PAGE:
Unsold luxury homes are piling up in the Hamptons. Is new tax law to blame?

Lavish vacation homes are losing their luster in New York's Hamptons, the beachfront retreat favored by financiers and celebrities.

There were 869 luxury properties available at the end of the first quarter - almost triple the supply from a year earlier and the most in seven years of data-keeping by appraiser Miller Samuel Inc. and Douglas Elliman Real Estate. While higher-end homes piled up, buyers flocked to deals below $1 million. Those made up 59 percent of Hamptons sales in the quarter, the firms said in a report Thursday.

The market is resetting following federal tax changes that capped deductions for mortgage interest and property levies and made costly second-home purchases less attractive. Across all price categories, sales in the Hamptons have declined for five straight quarters. The 297 homes that changed hands in the three months through March was the lowest for a first quarter in seven years, according to the firms.

"We are in the middle of this transition period post the new tax law, where the high end is struggling," Jonathan Miller, president of Miller Samuel, said in an interview. "What's actually selling is shifting much lower so there's more inventory exposed."

The move toward cheaper homes pushed the median price for all deals down 5.5 percent from a year earlier to $850,000. It also lowered the threshold for what the firms consider luxury - the top 10 percent of purchases, which in the first quarter meant those costing $3.2 million or more. That's below the five-year average of $3.8 million, Miller said.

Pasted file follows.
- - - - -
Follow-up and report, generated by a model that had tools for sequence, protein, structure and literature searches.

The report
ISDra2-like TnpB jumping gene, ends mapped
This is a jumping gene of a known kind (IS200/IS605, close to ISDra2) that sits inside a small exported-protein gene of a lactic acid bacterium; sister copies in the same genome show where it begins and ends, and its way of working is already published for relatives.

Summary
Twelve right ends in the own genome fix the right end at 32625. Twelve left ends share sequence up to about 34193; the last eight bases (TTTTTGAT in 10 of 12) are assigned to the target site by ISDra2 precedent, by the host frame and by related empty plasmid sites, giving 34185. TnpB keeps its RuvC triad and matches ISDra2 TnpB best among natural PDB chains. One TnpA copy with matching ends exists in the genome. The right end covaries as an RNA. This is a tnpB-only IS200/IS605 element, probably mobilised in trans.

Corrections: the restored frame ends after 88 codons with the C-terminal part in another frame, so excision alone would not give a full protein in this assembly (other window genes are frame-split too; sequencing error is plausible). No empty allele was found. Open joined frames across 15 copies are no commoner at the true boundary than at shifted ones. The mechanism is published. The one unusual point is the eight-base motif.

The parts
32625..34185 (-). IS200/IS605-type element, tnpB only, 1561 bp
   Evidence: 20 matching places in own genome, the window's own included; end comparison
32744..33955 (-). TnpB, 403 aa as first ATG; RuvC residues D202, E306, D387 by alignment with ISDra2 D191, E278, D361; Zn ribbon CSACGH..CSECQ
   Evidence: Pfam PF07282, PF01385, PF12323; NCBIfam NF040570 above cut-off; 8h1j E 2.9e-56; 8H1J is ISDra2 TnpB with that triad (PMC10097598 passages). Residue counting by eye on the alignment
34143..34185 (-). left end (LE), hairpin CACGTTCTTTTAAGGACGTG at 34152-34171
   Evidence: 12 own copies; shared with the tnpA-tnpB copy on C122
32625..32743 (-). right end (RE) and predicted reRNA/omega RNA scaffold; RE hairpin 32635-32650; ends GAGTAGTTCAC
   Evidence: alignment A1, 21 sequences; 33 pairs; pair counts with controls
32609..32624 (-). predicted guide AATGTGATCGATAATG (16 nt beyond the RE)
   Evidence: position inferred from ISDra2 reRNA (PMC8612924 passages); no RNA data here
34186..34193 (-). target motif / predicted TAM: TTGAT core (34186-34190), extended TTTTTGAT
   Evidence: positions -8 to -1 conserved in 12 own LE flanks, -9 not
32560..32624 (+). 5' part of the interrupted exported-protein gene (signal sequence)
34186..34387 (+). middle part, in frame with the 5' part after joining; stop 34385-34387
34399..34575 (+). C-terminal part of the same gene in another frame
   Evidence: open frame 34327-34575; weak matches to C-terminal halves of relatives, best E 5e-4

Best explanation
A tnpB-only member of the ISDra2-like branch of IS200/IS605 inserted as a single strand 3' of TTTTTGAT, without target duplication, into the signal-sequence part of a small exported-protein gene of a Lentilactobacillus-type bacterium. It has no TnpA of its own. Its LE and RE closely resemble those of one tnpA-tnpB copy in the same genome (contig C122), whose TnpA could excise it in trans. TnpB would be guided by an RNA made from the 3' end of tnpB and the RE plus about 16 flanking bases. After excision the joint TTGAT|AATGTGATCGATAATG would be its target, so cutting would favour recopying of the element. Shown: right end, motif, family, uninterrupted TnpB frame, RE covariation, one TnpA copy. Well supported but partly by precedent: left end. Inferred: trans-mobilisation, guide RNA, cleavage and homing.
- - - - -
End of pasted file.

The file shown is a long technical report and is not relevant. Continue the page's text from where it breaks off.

It would take about seven-and-a-half years to sell all the available luxury homes at the current pace of sales, the longest stretch in the firms' records.

Ernie Cervi, senior vice president at brokerage Corcoran Group, said sales in the Hamptons should pick up in the second quarter, now that tax season is over, mortgage rates are lower and financial markets have stabilized. The added supply will also push sellers to be more flexible.

"Price adjustment is the trigger," Cervi said. "That's what brings people back into the market."

Some buyers seeking more value for their money are looking toward Long Island's North Fork, where sales increased 12 percent in the first quarter from a year earlier, Corcoran said in its report Thursday.

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